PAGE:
My apartment’s located in one of the lagoons. I myself didn’t know how I managed to find this place and subsequently love it. From the road where jeepneys pass, you will need to walk meters to get to a waiting shed where you will find a steep and nauseating stairs with seemingly immeasurable steps. I don’t find it immense nowadays after living in this corner of the world for almost four years to date. Mornings are always feats of stamina and agility like a mountaineer who just reached the peak of Mt. Everest. Stories from the neighborhood tell of drunk men, children, and disoriented wives who stumbled and tripped while passing to this deathly stairs. Many survived, they tell, but their experience immortalized by dislocated arms, pain in their heads, hemorrhages, and lasting protuberance. But, some unluckily perished. Those who didn’t survive the ordeal of rolling down the Cimmerian abyss left their spirits there, stories tell. At one instance, an old woman cautioned and advised me to bring flashlights as I usually come home late because of my evening classes which last till 9 o’clock. She told me the story of a young little girl’s soul who pushes indiscriminately the backs of those who pass by the stairs. Fortunately, in the whole duration of my stay, I did not stumble nor pushed by any apparition to roll down. My landlady did just few weeks ago. I was shocked when I saw her one morning black and blue. I was reluctant to ask her at first what happened (this might be a case of domestic violence I guessed) but she explained it anyway when she noticed that I was a bit shocked by her sudden appearance (her face was splintered with bruises and her arms considerably clothed with tourniquet). She was one of those disoriented wives who suddenly lost balance while going down.
I guess you can’t think of a man who inhabits this place dying of a heart attack. People here are naturally exercised strenuously by the height of the stairs except for lotus-eaters whom you can hear of something like: “I hoped politicians will donate and construct an escalator here.” or “I wished I would find a partner who will carry me on his back everyday.” (Cruel punishment. Lesson learned: Never marry one of these ladies who lives here.)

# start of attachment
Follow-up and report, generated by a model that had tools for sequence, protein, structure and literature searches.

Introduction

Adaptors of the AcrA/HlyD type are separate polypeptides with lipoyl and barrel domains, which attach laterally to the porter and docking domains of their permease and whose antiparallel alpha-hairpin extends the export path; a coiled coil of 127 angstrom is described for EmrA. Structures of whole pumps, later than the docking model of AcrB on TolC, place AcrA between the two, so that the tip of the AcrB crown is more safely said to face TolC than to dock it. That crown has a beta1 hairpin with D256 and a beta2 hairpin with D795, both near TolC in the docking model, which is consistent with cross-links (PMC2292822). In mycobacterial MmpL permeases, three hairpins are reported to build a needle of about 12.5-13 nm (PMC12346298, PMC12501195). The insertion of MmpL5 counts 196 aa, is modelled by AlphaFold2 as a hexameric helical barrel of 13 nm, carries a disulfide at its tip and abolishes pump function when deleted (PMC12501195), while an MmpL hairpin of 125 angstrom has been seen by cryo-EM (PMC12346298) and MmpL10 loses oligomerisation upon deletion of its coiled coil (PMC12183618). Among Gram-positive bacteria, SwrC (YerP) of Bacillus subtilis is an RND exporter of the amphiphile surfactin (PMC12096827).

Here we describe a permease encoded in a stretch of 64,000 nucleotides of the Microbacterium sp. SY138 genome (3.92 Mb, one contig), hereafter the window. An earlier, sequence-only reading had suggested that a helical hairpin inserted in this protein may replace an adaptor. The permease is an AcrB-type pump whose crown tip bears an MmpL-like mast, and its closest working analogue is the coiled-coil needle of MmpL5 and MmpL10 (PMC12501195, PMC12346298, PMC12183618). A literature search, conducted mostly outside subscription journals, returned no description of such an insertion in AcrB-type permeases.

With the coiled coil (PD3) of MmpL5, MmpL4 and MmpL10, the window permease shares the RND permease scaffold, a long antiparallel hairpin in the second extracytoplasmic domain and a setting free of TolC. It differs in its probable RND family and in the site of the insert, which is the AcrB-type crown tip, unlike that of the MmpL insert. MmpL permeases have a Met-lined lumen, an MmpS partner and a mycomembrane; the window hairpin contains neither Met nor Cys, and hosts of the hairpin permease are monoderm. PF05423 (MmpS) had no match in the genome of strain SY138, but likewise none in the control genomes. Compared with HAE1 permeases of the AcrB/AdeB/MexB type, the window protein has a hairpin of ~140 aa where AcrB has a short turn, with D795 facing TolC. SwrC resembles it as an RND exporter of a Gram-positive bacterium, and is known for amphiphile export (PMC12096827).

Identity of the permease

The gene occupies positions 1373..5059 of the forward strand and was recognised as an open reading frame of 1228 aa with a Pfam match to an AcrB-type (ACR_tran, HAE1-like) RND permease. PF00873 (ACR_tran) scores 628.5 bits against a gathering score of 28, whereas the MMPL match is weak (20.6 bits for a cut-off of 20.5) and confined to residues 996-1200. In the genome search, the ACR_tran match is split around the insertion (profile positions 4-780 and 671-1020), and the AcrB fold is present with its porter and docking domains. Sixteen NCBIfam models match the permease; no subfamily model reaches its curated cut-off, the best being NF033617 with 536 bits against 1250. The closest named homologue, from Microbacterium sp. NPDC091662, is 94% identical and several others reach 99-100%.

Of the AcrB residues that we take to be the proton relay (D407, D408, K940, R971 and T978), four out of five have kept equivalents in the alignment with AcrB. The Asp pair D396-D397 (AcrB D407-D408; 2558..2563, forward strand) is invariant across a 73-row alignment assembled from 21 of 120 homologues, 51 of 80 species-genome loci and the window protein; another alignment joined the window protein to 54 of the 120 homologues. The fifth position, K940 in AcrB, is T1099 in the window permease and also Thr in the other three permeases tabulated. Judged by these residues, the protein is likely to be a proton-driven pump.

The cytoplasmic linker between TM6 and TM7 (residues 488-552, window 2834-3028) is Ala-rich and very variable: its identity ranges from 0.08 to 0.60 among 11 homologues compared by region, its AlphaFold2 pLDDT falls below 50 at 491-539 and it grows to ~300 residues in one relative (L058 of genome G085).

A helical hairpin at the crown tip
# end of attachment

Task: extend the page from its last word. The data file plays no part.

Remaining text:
From the road, you can see our village like a mound of ramshackles. Many families can tolerate the daily grueling experience. Every time I go to work I see children playing at the stairs not minding the danger they were into. Just imagine them sliding their bodies down the railings as if no one really cared about their lives. And they do this with so much fun. The daredevil instinct in them really shows. Hehe.
A lot of times, I thought of leaving and finding another flat somewhere near the city. But, oh God, I have a lot of books, thousands of them and imagining myself transporting all those books, makes me sigh. I conditioned my mind already that I would stay until I finish from law school, anyway, and hopefully, that’s only a year away. So I’d better brace myself for another year of pandemonium: women’s echoed voices shouting at their husbands at night; drunk men doing relentlessly, and always out of tune, their version of Sinatra’s “I Did it My Way” in their videokes (I think there are hundred units of those in the village); drunk teens throwing empty beer bottles and stones indiscriminately at each other’s houses; gossipers throwing cracks of laugh at each other during afternoons.
When I look back, on hindsight, and ask myself what made me stay for almost four years, I answer with so much conviction: “Nothing”. hehe. I think the place loved me for it gave me so much pleasure. I loved my bed which gave me a clear view of the night skies when I lie down at the end of the day. And oh, I loved the magical and melodious clanging of the wind chimes of every home when storms visit. Last year, the experience helped me to appease myself of so much grieving when in the mood of gloom a rush of wind passed by the village. The roaring woke me up in the night. I got up and looked at my window; it was misty with the continuous rains and splattered with droplets of water. I planted my right ear on the window and the music of hundred wind chimes serenaded me well through into the night.